Spacefem (spacefem) wrote,
Spacefem
spacefem

dear man who's speaking to a room full of women

I have been in rooms full of women engineers where area business sends one of its leaders to address us as part of the event. They sometimes send a man, which is fine. Sometimes the man proceeds to do very cringeworthy things in his speech. I don't want to incriminate anyone, but I want to get the word out to every man that if you're ever invited to speak to a group of women engineers, I have some tips. These are based on a composite of experiences, no identification with actual persons (living or deceased), places, buildings, and products is intended or should be inferred.

1) Remember that I hear men's voices every day. They're great, I love them, but when I come to a gathering of women engineers I'd prefer to hear from high-achieving women. So if you can, please give the podium to a woman?

2) Do not show photos of yourself with random female friends and colleagues to say, "See, I've worked with lots of very smart women, here we are smiling!" I'm sure you have female friends, this is not an automatic "in" with us. It's great that your company has women but they still put you in charge of all of them and didn't feel like letting them talk at this conference, why is that?

3) Do not ask us if we've seen the movie "Hidden Figures", admit that you have NOT seen it, and then proceed to explain it to us based on what you read about it on the internet. It's not that long a movie, you could at least go see it. Or just avoid it as a topic. Either way, when all of our hands went up as having seen it, you should have taken that as a sign that explaining it yourself would be unnecessary at best and insulting at worst.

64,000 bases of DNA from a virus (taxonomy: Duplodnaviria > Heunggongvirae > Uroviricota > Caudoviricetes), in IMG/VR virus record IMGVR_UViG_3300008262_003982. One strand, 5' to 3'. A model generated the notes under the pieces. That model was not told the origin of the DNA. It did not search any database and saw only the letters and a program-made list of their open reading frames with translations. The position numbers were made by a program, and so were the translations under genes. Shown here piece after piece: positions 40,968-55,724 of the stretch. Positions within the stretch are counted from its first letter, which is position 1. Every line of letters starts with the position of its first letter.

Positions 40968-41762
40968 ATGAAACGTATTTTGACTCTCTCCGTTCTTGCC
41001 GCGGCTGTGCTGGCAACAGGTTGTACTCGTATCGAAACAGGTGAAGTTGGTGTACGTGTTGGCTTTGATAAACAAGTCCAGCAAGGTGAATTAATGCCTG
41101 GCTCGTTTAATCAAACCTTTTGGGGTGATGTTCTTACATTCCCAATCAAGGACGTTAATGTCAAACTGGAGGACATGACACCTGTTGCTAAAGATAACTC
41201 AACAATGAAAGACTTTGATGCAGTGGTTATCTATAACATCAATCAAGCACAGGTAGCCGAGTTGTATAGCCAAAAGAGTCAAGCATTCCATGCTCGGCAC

4) Do not admit to previously discriminating against a woman and passing her up for a promotion for being pregnant, even if it's to tell us about the important lesson you learned when she marched into your office and called you out on it. That is not a cute story, unless you made a DRASTIC change based on the experience. Seriously. It's not cute. SERIOUSLY. DID YOU SEE OUR EYES.

5) Do talk about a drastic change your company has made to help women. Change is good.

6) Don't talk about how women's achievements are important to you because you have daughters now. Talk about how you're inspiring your daughters, sure, that's great, but we'd like to think that you support women because you support humans and the world being better, not just your own family.

7) Do talk about technical things. When I relayed this story to my male coworkers to ask if I sounded like a crazy militant feminist, one of them said "Why didn't he just talk about what he knew... electronics?" and then another one joked "Maybe he thought you wouldn't get it, you know, women!" When my male coworkers point out how your speech is fucked up in ways that I didn't even articulate, you know it's bad.

So that's it. Thank you for your time. I admire you for standing up on the podium and talking to us. You could have done better.
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